Adam Kinzinger says he should've been 'worried' at how easily he was able to reach Marco Rubio before endorsing him in 2016: 'No presidential candidate should be that available'

Adam Kinzinger
Former Rep. Adam Kinzinger of Illinois.Tom Williams/CQ-Roll Call, Inc via Getty Images
  • In Adam Kinzinger's new book, he recounts some key moments from the 2016 GOP presidential primaries.

  • Kinzinger backed Florida Sen. Marco Rubio after former Florida Gov. Jeb Bush left the race.

  • He said he should've been "worried" at how easy it was to text with Rubio about the endorsement.

As the 2016 Republican presidential field took shape, then-Rep. Adam Kinzinger made the decision early-on to get behind former two-term Florida Gov. Jeb Bush, who at the time was widely seen as the favorite for the nomination.

Bush — the son of former President George H.W. Bush and the younger brother of former President George W. Bush — had a well-received executive record, decadeslong party connections, and the fundraising chops that made him the preferred candidate of many traditional conservatives and top GOP donors. But then came businessman Donald Trump, whose entry into the primary would transform the party by animating many conservatives and disaffected voters who were disinterested in Bush's more mainstream Republicanism.

After losing the Iowa caucuses and the New Hampshire and South Carolina primaries, Bush exited the race, and Kinzinger suddenly needed to find a new candidate to support.

Turned off by Trump's candidacy, Kinzinger eventually got behind Florida Sen. Marco Rubio, who since the 2010 midterm elections had been touted as a future leader of the party.

But in Kinzinger's newly-released book, "Renegade," he revealed that upon reflection, he should have been "worried" at the seamless manner in which he corresponded with Rubio about endorsing the Floridian's presidential campaign.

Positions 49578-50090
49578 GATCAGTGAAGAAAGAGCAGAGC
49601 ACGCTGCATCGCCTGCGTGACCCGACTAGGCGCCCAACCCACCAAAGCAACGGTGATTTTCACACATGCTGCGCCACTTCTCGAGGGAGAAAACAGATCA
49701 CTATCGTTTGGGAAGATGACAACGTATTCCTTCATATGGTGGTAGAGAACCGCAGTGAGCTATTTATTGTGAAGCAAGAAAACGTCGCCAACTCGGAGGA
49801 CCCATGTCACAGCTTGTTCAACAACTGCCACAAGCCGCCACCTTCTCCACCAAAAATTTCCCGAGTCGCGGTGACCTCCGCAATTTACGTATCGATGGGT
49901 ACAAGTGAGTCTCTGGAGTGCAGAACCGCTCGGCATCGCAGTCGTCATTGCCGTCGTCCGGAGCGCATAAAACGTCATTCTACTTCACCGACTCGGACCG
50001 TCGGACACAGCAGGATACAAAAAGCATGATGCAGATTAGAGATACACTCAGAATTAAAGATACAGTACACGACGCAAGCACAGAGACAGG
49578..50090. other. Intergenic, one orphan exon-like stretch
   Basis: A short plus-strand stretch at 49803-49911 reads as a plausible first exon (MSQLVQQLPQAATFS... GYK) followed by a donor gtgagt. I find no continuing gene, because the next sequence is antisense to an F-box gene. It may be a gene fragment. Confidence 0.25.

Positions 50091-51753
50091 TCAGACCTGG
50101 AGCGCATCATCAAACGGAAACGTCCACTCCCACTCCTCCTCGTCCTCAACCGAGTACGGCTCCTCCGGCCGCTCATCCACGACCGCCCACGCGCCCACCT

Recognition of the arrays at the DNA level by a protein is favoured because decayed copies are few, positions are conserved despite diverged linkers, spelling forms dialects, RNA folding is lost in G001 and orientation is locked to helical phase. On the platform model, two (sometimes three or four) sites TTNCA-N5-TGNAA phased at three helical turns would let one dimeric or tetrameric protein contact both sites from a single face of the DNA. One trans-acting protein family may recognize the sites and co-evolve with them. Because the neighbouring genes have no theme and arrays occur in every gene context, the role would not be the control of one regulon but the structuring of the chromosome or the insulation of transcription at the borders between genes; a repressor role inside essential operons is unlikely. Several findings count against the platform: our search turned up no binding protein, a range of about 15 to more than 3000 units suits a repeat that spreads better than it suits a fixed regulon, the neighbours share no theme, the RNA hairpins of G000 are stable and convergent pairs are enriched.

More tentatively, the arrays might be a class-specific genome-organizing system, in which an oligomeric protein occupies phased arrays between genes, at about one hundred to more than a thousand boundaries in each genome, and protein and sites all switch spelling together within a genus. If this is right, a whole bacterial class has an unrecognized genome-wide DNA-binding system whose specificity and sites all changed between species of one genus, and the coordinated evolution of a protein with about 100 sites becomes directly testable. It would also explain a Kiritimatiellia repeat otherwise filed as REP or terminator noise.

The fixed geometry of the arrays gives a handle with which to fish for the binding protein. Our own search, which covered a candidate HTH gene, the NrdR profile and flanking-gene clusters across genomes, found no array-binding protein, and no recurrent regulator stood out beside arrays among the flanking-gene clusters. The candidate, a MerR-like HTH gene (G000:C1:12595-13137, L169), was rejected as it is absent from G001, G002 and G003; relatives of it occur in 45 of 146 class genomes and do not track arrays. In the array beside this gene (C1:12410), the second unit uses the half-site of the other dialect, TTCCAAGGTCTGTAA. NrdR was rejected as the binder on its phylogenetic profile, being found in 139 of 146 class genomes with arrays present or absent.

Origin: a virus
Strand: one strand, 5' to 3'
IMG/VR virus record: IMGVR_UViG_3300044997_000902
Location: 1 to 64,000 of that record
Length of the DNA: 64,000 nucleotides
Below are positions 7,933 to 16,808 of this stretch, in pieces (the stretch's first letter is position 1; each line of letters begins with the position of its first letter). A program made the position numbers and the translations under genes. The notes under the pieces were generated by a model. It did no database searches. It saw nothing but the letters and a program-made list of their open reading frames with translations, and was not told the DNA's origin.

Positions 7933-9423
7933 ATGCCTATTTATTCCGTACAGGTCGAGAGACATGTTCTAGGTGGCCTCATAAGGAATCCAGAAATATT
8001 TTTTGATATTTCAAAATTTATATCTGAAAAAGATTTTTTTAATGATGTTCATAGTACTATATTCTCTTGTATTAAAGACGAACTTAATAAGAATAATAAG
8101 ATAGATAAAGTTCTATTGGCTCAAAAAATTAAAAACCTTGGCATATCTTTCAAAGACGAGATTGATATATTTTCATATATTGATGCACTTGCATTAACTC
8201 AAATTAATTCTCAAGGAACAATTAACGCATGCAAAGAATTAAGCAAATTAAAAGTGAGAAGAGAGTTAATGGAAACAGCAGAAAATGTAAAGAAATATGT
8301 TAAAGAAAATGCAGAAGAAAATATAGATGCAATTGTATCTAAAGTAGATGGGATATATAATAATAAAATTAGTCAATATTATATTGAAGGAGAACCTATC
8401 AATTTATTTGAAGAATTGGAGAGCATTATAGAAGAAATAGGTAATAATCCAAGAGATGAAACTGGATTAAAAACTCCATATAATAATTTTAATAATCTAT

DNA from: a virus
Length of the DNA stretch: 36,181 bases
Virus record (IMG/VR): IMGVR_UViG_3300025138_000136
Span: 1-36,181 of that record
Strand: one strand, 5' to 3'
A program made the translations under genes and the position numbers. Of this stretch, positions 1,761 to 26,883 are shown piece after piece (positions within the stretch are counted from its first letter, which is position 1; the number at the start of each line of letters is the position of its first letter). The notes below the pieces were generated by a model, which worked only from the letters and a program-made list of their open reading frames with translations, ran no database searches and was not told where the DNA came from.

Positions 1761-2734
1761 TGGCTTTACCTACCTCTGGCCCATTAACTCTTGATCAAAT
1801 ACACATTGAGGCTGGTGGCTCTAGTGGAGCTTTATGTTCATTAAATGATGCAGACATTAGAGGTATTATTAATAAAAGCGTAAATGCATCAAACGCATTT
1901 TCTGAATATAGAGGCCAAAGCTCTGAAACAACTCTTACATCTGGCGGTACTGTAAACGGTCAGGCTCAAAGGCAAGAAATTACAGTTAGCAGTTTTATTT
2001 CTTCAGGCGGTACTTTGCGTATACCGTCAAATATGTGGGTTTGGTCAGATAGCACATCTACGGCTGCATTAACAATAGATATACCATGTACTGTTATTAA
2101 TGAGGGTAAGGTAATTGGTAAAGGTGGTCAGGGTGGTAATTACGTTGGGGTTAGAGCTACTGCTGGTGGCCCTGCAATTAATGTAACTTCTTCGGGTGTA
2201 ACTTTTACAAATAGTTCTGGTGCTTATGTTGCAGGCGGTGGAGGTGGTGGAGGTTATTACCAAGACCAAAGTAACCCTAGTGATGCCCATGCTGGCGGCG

"With Bush dropping out, my best anyone-but-Trump option was Rubio," the former lawmaker wrote. "After we texted a few times, I decided to back him publicly and went to meet his campaign people in Washington."

"In retrospect, I should have been worried that it had been so easy to text with Marco," he continued. "No one running for president should be that available."

Kinzinger, who was enthusiastic about Bush's candidacy, describing the ex-governor as "a thoughtful person," went on to detail how Rubio's candidacy at the time was less grounded in longstanding campaigning norms but moreso in the media.

"The press had been reporting that he was rarely seen in the early primary states, had almost no local operatives in these states, and that his team had concluded that traditional campaigning was not a good investment. Better to focus on press appearances and social media," Kinzinger wrote of Rubio's presidential operation.

"However, press reports and social media attention come only after you distinguish yourself from the pack. To do that, you must get in front of people," he added.

Trump's campaign continued to gain steam, and by the time the GOP primary reached Florida, Rubio had not been to blunt the New York businessman's momentum.

After Trump trounced Rubio in his own home state, the senator suspended his presidential campaign.

During Trump's presidency, Kinzinger's wariness with the GOP leader never went away as he sought to navigate a changing party that was becoming more and more committed to Trumpism.

Kinzinger eventually backed Trump's impeachment for "incitement of insurrection" for the then-president's role on January 6, 2021, and also served on the House committee investigating the riot at the US Capitol.

He left office in January 2023.

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